Check out this short video with new sounds:

The Future Impact V4 has a completely new hardware platform with numerous enhancements, some of which are:

– 32-bit ultra-low-noise analog-to-digital and digital-to-analog converters
– New app-based software architecture 
– Vastly advanced pitch tracking based on 30+ years of experience
– Hard Sync between oscillators to open new sonic worlds
– On-pedal edits that can be saved into program memories
– Total compatibility with all previous Deep Impact and Future Impact patches

Setting the standard for the bass guitar synth pedals since 2015, together with an enthusiastic community and long line of great artists, the Future Impact V4 is the guitar synth platform for the next decade. 

For more information, visit online at pandamidi.com/bass-guitar-synth

Exclusive U.S. distribution by Tech 21 USA, Inc

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July 8 – This Week’s Top 10 Basses on Instagram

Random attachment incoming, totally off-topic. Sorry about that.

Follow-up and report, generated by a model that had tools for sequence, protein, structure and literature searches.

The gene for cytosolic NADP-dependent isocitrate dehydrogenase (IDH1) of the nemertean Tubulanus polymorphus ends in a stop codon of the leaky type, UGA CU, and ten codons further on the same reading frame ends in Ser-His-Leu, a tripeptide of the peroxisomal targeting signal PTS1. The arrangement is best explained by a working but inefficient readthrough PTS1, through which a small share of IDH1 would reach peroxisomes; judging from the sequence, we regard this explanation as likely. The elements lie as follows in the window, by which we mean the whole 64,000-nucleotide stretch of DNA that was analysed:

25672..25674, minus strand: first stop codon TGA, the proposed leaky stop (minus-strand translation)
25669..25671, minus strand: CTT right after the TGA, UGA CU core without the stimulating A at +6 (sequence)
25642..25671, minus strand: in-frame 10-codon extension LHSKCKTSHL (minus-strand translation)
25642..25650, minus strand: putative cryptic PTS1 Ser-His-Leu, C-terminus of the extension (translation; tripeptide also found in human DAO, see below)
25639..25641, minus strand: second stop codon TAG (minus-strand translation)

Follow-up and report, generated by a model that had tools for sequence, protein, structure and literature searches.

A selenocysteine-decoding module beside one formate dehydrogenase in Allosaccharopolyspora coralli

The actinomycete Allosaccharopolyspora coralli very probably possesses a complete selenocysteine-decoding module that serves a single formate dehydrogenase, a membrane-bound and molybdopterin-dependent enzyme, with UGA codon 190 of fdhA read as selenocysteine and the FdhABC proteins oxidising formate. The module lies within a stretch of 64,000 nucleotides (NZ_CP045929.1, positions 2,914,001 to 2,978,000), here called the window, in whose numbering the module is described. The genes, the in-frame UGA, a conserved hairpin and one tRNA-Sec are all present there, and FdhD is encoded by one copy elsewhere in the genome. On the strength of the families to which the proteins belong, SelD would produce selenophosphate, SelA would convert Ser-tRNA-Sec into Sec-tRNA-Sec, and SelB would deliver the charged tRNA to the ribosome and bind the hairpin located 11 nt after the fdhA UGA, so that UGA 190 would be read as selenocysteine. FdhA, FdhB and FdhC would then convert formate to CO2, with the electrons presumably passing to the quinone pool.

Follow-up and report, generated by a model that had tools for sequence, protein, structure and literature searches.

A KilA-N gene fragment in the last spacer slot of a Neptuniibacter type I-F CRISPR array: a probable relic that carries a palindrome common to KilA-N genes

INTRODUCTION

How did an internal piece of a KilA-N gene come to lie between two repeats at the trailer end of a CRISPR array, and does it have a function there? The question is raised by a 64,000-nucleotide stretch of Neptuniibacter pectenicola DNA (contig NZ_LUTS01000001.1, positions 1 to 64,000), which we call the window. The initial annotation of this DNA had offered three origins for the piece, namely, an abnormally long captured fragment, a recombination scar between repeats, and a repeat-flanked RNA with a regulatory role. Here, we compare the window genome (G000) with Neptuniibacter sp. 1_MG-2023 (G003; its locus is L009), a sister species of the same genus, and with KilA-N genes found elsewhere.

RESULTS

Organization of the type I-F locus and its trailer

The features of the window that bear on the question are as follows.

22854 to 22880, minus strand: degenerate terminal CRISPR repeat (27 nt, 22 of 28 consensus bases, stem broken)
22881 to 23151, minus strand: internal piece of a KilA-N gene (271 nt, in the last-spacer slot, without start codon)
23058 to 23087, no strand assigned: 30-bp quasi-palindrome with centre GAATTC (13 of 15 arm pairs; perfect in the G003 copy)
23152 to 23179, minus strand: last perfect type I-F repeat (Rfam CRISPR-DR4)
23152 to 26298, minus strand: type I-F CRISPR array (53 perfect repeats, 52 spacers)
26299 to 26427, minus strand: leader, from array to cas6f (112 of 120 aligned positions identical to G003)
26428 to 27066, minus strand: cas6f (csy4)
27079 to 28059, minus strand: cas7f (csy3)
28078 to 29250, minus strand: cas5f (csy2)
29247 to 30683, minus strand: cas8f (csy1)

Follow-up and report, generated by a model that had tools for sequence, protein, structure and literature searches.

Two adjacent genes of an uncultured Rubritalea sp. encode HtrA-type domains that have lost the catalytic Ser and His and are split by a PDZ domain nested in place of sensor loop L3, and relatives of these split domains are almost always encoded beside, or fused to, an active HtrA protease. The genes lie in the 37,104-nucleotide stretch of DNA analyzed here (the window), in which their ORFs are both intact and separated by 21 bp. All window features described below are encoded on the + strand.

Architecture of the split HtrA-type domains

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TOP 10 Basses of the week

Check out our top 10 favorite basses on Instagram this week…

Click to follow Bass Musician on Instagram @bassmusicianmag

FEATURED @bqwbassguitar @anacondabasses @ramabass.ok @gvguitars @dmarkguitars @fernando.petry.bass @bassnsoulgear @chris_seldon_guitars @overwaterbasses @officialspector

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New Gear: Cort Introduces the New Artisan C4/C5 Deluxe Bass Guitars

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New Gear: Cort Introduces the New Artisan C4/C5 Deluxe Bass Guitars

Cort Introduces the New Artisan C4/C5 Deluxe Bass Guitars…